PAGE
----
College of Arts & Sciences receives grant to initiate instructional programs in Big Data Analytics and Artificial Intelligence – Tuskegee University

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As more colleges and universities launch data science courses and programs, there is an increasing effort to initiate instructional programs in Big Data Analytics and Artificial Intelligence (AI). Here at Tuskegee University, the Caring Foundation of Blue Cross and Blue Shield of Alabama and Proctor & Gamble (P&G) have awarded the University a grant to provide STEM majors in the pre-med track with practical knowledge and robust training in emerging technologies.
Dr. Mohammed Qazi, associate dean for Research and Outreach in the College of Arts and Sciences, led the effort in developing and submitting grant proposals to the Caring Foundation and P&G. College of Arts and Sciences dean, Dr. Channa Prakash, served as co-author to the grant’s initiative.
“With the new funding, we plan to launch many instructional activities in these areas to empower our students with additional knowledge and expertise that would better prepare them for the 21st workforce, which demands familiarity with big data and artificial intelligence,” explained Prakash.
“Big Data Analytics and Artificial Intelligence are areas making incredible advances impacting our daily lives, providing new applications in every area and pushing the frontiers of science and technology,” he continued. “Every unit in the College of Arts & Sciences ranging from humanities, arts, social sciences, behavioral sciences, mathematics to natural sciences can see the impact of machine learning, big data and AI. Faculty, especially those working on cancer research, are already using some of these tools in their biomedical research.”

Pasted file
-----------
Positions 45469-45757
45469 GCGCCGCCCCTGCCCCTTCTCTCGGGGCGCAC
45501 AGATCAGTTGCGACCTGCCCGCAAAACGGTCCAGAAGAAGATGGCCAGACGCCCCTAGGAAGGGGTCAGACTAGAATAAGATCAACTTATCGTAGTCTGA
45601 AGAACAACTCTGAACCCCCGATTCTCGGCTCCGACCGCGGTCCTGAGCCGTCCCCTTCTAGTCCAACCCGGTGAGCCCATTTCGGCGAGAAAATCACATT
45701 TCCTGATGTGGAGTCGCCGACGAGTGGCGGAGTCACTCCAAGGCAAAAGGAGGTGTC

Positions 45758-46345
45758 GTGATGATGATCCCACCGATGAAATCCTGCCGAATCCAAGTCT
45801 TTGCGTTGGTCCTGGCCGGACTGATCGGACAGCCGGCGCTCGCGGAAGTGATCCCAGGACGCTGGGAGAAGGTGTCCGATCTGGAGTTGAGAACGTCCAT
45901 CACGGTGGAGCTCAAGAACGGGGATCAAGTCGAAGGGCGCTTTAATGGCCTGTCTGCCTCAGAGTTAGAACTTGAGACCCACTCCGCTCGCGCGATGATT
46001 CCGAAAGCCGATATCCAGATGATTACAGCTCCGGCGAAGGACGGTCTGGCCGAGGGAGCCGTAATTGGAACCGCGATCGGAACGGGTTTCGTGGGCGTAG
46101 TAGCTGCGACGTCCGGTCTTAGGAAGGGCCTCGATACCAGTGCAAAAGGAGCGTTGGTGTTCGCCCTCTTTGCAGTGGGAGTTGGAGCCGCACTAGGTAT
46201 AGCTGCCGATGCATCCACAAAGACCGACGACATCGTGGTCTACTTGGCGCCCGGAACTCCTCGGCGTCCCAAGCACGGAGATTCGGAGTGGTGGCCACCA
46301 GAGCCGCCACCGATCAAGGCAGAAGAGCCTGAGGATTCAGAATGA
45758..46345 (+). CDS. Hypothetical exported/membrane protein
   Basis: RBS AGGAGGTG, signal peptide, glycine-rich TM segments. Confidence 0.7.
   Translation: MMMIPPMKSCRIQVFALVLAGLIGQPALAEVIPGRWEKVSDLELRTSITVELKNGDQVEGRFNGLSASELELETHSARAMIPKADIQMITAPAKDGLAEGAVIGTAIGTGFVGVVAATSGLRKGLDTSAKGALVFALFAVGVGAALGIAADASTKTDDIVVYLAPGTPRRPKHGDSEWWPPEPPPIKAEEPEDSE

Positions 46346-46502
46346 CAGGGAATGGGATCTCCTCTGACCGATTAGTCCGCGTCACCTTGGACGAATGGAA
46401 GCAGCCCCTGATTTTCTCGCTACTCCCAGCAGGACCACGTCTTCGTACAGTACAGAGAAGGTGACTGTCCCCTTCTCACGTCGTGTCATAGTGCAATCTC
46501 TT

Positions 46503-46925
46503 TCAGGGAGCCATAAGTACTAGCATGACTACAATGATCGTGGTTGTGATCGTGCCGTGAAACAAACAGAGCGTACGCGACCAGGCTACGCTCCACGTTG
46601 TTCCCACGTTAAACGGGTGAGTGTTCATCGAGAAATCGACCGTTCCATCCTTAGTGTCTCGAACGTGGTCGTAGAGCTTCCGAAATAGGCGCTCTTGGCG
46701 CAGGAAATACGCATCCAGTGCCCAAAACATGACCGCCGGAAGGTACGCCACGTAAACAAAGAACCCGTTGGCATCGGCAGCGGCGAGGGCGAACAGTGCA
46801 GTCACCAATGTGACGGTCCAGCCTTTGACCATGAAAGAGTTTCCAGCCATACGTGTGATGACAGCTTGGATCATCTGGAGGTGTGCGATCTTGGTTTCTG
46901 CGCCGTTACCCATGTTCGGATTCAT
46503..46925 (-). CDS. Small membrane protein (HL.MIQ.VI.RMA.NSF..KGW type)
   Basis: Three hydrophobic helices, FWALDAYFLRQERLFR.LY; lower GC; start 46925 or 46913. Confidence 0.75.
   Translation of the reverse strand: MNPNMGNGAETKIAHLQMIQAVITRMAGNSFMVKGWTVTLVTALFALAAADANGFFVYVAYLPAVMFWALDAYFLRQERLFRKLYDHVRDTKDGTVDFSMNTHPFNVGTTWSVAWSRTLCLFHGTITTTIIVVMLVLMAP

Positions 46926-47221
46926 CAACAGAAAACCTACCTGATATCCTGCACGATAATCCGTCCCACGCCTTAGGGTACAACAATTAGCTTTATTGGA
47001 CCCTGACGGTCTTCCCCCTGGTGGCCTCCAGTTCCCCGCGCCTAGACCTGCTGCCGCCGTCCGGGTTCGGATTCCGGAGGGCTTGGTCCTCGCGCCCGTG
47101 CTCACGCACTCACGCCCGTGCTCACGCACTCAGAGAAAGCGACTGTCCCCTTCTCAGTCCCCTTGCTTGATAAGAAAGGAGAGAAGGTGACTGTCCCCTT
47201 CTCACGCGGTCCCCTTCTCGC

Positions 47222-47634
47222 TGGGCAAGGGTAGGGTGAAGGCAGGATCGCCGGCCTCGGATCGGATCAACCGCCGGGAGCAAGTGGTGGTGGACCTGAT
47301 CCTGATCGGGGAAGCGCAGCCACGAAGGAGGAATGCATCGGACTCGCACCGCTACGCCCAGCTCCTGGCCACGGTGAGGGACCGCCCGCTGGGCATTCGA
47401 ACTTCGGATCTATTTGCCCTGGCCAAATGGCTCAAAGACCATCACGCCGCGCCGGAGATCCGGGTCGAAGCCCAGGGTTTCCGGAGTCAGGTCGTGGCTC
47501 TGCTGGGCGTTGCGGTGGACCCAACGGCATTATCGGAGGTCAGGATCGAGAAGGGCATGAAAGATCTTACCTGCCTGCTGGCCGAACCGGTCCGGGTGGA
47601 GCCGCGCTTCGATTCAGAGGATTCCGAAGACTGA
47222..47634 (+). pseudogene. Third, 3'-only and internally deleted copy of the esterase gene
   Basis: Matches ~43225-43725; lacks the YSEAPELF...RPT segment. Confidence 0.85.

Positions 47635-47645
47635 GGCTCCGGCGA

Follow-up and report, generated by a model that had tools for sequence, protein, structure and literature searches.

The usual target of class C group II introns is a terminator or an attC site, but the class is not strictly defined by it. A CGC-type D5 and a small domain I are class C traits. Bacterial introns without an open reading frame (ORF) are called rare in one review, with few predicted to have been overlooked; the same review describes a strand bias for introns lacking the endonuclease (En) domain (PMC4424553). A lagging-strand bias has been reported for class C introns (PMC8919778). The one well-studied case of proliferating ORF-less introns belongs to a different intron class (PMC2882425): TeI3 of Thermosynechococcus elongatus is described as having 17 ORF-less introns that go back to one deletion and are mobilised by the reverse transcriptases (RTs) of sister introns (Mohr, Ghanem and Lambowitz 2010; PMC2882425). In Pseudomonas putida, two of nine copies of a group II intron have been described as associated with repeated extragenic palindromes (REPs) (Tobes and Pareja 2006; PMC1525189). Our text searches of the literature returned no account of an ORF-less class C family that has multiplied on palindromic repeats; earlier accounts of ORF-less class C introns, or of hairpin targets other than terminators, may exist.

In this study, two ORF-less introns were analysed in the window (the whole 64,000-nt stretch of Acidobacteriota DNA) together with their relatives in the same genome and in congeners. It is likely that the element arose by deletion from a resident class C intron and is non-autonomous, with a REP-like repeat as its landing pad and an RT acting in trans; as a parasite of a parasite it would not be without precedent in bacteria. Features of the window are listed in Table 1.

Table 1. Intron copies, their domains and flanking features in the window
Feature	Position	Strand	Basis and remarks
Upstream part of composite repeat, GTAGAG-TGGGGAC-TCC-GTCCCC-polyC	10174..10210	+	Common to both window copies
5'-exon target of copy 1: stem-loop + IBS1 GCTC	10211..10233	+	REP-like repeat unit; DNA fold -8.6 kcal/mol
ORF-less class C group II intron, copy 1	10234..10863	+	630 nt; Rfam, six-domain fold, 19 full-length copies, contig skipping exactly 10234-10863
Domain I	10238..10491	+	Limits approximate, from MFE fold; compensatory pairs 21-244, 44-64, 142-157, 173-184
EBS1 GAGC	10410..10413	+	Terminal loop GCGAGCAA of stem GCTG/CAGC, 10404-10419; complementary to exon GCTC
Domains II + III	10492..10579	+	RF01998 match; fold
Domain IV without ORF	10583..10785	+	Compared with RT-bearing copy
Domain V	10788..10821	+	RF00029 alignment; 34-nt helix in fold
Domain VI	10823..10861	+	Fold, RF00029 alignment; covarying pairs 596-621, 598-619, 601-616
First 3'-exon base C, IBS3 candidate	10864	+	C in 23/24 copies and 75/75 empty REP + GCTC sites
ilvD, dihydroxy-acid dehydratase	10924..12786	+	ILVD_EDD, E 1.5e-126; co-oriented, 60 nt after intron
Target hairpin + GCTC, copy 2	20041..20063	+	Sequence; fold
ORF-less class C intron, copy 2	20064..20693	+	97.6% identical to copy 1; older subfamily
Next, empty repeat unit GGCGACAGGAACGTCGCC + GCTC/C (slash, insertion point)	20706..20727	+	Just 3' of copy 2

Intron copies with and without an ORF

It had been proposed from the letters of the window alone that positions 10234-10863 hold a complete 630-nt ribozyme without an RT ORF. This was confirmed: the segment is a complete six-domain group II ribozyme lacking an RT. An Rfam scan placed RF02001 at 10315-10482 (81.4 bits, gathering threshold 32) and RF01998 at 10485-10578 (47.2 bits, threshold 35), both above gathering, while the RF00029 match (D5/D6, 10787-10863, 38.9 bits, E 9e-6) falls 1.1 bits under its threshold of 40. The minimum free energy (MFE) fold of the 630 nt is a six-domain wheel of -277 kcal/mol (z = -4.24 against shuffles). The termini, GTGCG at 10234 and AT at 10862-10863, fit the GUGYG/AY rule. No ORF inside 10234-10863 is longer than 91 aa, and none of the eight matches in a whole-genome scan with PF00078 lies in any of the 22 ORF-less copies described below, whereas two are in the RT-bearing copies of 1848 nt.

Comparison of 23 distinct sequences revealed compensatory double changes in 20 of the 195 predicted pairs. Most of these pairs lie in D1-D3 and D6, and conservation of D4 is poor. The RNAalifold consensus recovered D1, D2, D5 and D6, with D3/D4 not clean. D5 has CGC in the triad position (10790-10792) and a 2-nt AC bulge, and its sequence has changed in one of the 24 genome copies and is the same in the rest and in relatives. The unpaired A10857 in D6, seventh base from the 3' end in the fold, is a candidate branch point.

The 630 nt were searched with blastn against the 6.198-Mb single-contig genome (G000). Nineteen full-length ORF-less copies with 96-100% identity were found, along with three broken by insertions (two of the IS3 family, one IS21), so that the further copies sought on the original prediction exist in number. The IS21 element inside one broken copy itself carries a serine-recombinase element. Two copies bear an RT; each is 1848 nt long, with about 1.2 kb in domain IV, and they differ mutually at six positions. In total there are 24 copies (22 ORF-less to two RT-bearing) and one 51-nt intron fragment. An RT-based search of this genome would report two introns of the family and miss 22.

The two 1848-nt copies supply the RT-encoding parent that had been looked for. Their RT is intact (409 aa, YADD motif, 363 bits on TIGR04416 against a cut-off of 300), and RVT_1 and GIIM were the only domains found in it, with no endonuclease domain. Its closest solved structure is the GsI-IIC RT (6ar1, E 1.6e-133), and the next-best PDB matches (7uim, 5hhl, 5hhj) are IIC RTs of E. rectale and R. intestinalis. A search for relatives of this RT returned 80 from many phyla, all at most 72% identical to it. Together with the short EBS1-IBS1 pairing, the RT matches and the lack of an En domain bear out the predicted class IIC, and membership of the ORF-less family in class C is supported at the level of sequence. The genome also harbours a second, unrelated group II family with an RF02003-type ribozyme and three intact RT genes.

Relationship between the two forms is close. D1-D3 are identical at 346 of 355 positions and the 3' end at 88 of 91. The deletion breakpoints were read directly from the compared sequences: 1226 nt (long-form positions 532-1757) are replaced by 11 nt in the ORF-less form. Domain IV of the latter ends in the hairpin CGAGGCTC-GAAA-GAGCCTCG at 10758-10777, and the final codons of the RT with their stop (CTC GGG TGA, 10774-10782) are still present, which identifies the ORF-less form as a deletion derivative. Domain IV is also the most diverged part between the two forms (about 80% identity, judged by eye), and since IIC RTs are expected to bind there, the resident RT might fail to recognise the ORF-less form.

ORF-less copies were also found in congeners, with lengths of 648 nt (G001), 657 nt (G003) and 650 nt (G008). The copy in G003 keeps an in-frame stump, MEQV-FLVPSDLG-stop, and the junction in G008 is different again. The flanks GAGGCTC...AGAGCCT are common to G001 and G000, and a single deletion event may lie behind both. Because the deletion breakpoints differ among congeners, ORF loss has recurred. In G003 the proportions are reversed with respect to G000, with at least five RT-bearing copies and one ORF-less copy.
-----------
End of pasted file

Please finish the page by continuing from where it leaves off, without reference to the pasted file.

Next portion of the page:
“Data Science and AI are highly multi-disciplinary, and so participating students will gain competencies in multiple STEM areas like statistics and coding. Moreover, Data Science transects many areas, and so students from different disciplines whether related to STEM, Health, Humanities, and many others will benefit from the program,” added Qazi.
African Americans constitute a mere five percent of physicians and three percent of data scientists in the U.S. The representation of African Americans in medicine with relevant knowledge of data science and AI is even lower. The emerging data-intensive health trends and technologies require medical trainees to gain experience in these areas.
Under the grants, both initiatives will provide minority students with practical knowledge of these two fields, data science, and AI through a year-long professional development. The project will meet the following four criteria: career development, experiential learning, innovation, and cross-functional collaboration.
Participating students in the context of competitive medical school preparation will have a deeper understanding and knowledge of data science analytics and AI techniques. They will also have hands-on experiential opportunities to understand and experience the data science life cycle and construct models to predict forecasts and communicate results.

© 2022 Tuskegee University

© 2022 Tuskegee University


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